They were just ordinary working class men, used to hard slog, dawn till dusk occupations in the factories, down the mines, the dirt and grime, the banter in the pub bar, the church services on a Sunday, nothing out of the ordinary from pay day to pay day.
It was a life virtually planned out from the day they were born.
But in 1914 these ordinary working-class men were called upon to do something quite extraordinary, a job that again would mean hard work.
But this time the sacrifices they were to make would differ completely from those made at home such as going without food to make sure the kids had a decent meal, or wrapping up warm with blankets and extra socks because there wasn’t enough fuel to light a fire.
Now they would be putting their life in jeopardy every minute of every day, witnessing the most horrendous suffering, death and destruction, and ultimately in many cases sacrificing their own lives for King and Country, never to return home.
At the end of the First World War hundreds of communities were mourning the death of many young men who had died in battle on land and at sea. Severely wounded soldiers who could be moved were brought home to recover, but inevitably many died and their funerals would be held several months, if not years, after the war.
But for the vast majority of those who died in battle their last resting place wasn’t to be on home soil but in marked graves in the war cemeteries of France, Belgium and further afield, and for those who went missing in action, simply a name etched in stone on a granite memorial.
Early in 1919, at the request of the Prime Minister Lloyd George, the Cenotaph in London was commissioned, and on the first anniversary of the Armistice a wood and plaster construction was unveiled.
After the service the grief felt by the crowd was overwhelming and in a spontaneous act the base of the monument became covered in a mountain of wreaths and flowers to the dead and missing.
It was later decided that the Cenotaph should become a permanent and lasting memorial, a focal point for the nation’s remembrance. Built entirely of Portland stone it was unveiled one year later by King George V at a service that has changed very little over the past 93 years.
It was now left to the villages and towns to remember their ‘Glorious Dead’ in the most appropriate way.
Memorials began to be erected by public subscription in churchyards and other public places, where the names of individuals from the local community, whose bodies had not been repatriated with their families, could be remembered forever.
In the years immediately after the war communities like Rowley Regis were still reeling from the impact of the hostilities.
In a parish that included Rowley Regis, Blackheath, Cradley Heath and Old Hill, there were a total of 98 known casualties, a statistic that inevitably created many widows and bereaved parents, brothers and sisters.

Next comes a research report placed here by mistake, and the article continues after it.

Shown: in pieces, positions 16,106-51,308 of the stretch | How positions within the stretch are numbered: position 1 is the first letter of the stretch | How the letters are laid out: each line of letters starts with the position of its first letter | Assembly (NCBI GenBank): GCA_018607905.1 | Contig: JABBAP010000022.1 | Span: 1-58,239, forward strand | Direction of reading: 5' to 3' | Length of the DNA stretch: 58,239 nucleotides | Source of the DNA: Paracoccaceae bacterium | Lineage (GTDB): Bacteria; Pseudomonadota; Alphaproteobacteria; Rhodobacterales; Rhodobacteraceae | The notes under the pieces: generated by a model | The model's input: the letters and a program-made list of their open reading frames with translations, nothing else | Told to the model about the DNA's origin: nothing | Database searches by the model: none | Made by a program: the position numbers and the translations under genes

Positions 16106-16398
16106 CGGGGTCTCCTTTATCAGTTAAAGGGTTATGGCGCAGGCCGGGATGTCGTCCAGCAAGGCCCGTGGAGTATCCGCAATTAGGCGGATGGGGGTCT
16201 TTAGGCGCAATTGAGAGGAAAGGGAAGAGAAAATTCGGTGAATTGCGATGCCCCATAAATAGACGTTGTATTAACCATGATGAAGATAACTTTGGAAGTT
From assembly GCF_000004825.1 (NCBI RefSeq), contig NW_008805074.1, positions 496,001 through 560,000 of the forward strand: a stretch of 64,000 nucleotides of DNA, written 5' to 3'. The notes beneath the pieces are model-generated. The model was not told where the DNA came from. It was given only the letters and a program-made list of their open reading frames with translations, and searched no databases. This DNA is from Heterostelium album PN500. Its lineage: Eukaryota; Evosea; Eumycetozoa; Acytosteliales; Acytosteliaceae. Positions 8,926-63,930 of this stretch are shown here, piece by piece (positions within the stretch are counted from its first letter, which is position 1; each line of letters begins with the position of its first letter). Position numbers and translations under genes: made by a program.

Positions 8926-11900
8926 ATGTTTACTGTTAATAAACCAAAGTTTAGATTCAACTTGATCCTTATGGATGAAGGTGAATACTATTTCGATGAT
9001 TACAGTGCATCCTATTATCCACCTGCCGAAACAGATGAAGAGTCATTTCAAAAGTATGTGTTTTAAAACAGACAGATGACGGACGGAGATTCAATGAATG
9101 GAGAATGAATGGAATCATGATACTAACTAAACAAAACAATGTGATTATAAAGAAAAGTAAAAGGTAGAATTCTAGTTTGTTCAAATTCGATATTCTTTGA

With a sense of grief still hanging over the Rowley Hills the locals rallied round.
Enough money was raised to erect a monument in memory of the fallen in the grounds of St Giles Church, and just over two months before the London Cenotaph was unveiled, the people of Rowley Regis gathered together on the afternoon of Saturday, September 4, 1920, to witness the unveiling and dedication of their own monument to the ‘Glorious Dead’ against the backdrop of the ruined St. Giles Church, which had been destroyed by fire in 1913.
Over the intervening years the War Memorial Cross in Rowley Regis has stood resolute against the vagaries of the weather, but it was beginning to show signs of wear and some of the names etched upon it were almost impossible to read.
In 2003 Malcolm Warby, a local parishioner and keen historian who had recently retired, was asked by the vicar of St Giles whether he would consider putting the church archives into some sort of order.
About the same time a lady approached the vicar asking for information about a soldier killed in the First World War whose name appeared on the war memorial.
It was then realised how badly eroded the names had become and Malcolm, with help from his son Richard, began the exhausting job of researching every single one of the 98 ‘Glorious Dead’ of Rowley Regis, a noble effort that in the end took a decade to complete.
The time and effort that both men applied to the task deserves the greatest of credit and a small book published from the research managed to raise £750 for church funds just a few years ago.
Then a St Giles Church working group and representatives from Sandwell Council joined forces and agreed to renovate and restore the Rowley Regis War Memorial Cross to something like its original state.
It was decided to relocate the names of the fallen from the cross.
They are now engraved into granite slabs that surround the memorial, and last Saturday (September 28) the rededication and unveiling of the memorial took place.
But it is only due to the diligent research carried out by Richard Warby and his father Malcolm that every one of the 98 names appear.
We managed to catch up with Richard just days before the rededication ceremony at his workplace in Birmingham.
He told us his father had sadly died before the decision was made to go ahead with the restoration.
But he would have been as proud as punch with the way things have turned out.
“I will be at the rededication service on Saturday and, of course, wish my dad was able to be there with me.
“But I'm sure he would have agreed with me that it was more important to remember and reflect on the sacrifice made by the 98 chaps from Rowley Regis, who were just ordinary working class men doing an extraordinary job, for us.”